The Chances we get and the Choices we make; Lessons from “Wordle”
My morning routine has been a bit altered with my joining the international membership of millions, for the refreshingly appetizing yet teasing word game, “Wordle.” The pithy brilliance of the puzzle has become my tryst in the dawn.
The first 15 mins as my day starts, is now devoted to Wordle.
The five-letter word to be deduced in six-attempts on a crossword puzzle-style grid that looks new yet familiar, has charmed its way to be my very first task of the day.
Today, was one of the rare days. I could deduce “Wordle 244”in three attempts. It was the first time since I joined the Global club of Wordlers around a fortnight ago.
The moment the third row of the grid turned green my elation knew no bounds. It was 5 AM in the morning and I had to celebrate my little victory with fellow Wordlers — a bonding ritual, notwithstanding it sounding as a humble brag; “I have completed in three attempts today, anyone else joining me? “
“Thumbs-up” emojis from fellow Wordlers streamed in and they made me smile. Starting the day with a mini win feels so good!
I sat back and wondered did I betray a child-like exuberance for a greying guy on the wrong side of fifty? It gave me a moment to ruminate. Wordle can sometimes be a difficult game. So, the sense of accomplishment is difficult to deny. I justified to myself: celebrating small stuff is good. One feels in these moments of joy, grateful for everything we have, and this brings in positivity all through.
I did a bit of contemplation.
The choices in front of us are the twenty-six letters of alphabet. We take our chance with the dreaded first five letter word. As the tiles tumble and show their colours the scare of being “greyed out” would wilt the strongest of minds. The good thing is that the keyboard tells us which choice of alphabet has been already used and the colours thereof.
How similar is it to one’s career? Education is complete, and we all head outside of our comfortable environs, for a job or to start as an entrepreneur. There is the fear of unknown. Yet we take our chances. Something works and somethings do not. Someone rightly said “Good decisions come from experience and experience comes from bad experiences. “
It is like the five tiles; some turn green, some orange and some grey. Like the keyboard providing the guiderails, early on we have our mentors and guides plus the derived experience to guide us to take the next steps. The game has the built-in constraint of six attempts for the divine cryptic five-letter word.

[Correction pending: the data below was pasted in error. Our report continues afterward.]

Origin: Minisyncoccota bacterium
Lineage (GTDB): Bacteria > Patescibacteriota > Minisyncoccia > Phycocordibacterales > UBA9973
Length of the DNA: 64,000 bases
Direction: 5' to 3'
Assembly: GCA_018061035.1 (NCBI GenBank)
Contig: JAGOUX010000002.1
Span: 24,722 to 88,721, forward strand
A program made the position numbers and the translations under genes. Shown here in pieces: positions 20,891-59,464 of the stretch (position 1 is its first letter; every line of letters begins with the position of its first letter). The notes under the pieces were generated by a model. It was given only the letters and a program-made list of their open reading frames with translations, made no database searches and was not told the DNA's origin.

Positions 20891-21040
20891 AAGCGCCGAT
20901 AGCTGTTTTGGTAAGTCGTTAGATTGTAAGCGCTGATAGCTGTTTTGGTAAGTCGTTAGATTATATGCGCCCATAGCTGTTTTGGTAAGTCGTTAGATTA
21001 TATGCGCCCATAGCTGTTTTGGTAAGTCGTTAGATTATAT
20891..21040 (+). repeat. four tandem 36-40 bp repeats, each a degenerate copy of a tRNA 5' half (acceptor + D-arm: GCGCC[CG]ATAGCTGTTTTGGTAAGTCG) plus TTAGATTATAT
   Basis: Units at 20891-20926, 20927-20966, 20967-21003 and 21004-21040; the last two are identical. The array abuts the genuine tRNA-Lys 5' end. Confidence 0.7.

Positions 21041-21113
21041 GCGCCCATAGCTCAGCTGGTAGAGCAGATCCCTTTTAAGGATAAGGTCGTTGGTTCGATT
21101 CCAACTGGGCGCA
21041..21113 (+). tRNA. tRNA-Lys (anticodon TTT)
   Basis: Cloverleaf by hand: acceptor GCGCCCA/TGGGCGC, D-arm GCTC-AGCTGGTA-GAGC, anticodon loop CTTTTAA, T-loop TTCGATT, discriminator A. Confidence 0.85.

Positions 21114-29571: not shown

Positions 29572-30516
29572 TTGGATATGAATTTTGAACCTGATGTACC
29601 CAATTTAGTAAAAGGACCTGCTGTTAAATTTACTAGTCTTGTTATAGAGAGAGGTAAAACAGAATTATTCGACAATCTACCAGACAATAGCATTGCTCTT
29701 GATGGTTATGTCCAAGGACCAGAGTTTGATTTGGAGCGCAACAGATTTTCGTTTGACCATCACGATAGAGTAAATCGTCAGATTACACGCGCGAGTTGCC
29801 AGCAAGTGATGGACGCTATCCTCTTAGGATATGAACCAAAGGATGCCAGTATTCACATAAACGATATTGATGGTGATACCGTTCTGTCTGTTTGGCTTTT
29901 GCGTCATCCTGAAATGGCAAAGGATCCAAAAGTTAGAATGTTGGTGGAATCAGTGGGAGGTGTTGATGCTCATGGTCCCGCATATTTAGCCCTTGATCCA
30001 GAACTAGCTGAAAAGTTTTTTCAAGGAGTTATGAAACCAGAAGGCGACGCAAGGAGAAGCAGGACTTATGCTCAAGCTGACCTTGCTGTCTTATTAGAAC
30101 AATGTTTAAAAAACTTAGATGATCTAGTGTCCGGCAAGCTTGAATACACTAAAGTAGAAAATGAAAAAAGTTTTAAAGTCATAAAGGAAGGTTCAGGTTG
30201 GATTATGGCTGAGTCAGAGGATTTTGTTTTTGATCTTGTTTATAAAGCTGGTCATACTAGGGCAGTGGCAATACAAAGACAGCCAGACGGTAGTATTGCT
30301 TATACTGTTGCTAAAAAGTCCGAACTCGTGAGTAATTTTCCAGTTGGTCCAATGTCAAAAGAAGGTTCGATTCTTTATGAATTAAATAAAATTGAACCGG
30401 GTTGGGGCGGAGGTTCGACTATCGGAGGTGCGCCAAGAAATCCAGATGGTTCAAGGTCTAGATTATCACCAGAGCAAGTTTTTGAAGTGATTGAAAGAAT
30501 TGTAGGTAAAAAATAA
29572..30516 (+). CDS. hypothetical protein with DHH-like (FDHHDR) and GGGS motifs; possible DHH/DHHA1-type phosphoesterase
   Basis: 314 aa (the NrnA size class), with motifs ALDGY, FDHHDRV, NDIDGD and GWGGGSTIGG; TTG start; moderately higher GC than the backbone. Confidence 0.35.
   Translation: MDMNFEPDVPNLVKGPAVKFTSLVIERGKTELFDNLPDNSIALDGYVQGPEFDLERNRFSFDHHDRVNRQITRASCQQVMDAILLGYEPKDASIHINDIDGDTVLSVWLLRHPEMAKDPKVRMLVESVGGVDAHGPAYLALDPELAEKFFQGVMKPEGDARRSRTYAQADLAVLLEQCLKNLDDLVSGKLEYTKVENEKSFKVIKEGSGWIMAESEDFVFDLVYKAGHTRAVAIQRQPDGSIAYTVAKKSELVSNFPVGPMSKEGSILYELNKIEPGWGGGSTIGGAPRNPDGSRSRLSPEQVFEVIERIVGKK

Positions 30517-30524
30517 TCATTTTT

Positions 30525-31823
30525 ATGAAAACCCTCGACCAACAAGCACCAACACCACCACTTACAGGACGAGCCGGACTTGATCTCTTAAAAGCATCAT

The typical life span of a career would be around 4 decades and that relates to the six attempts we have over the period of 24 hours. One could be a steady type who would prefer to commence with the same word every day and use up the entire day to fill in the maximum of six attempts. There could be some who would be the “get-it-off-my-back” kind, who would try with different words cautiously exploiting the vowel- strong words and, in a mood, to complete it before the business side of the day commences. I have seen people start their careers with whatever comes their way and then make good by staying steady in their jobs. There are folks who could be restless and be in a mood to look at assorted options which life offers and look to retiring early and rich. Do these approaches look like the riveting word puzzle, which has enthralled us?
Getting to the divine five-letter word is how life turns out to be for each one of us. If one hits the jackpot with the correct word in two attempts, it could be his/her smartness and/or providence. Three and four attempts are gratifying too. Five and six attempts would mean that a few wrong steps could have derailed us from our goal, but we quickly recover, dust ourselves off and get back to reaching the goal. Have we not seen this game “play” among our friends, colleagues, and relatives and in our own lives?
The beauty of this twisty and teasy premise is that it comes with a puzzle a day reminding folks that good or bad days are not for ever, there is always a tomorrow. Tomorrow is a new day and let us get on with the world and not sweat on the small stuff. While doing so, we are creating a meaningful community on this in the social media.
I hope the game does not shrivel and lose the fan base like the popular logic-based combinatorial number-placement puzzle — a craze in the mid-2000s. I do not hope so, as the ingredients for its longevity are all there.
Somjit Amrit , a fellow Wordler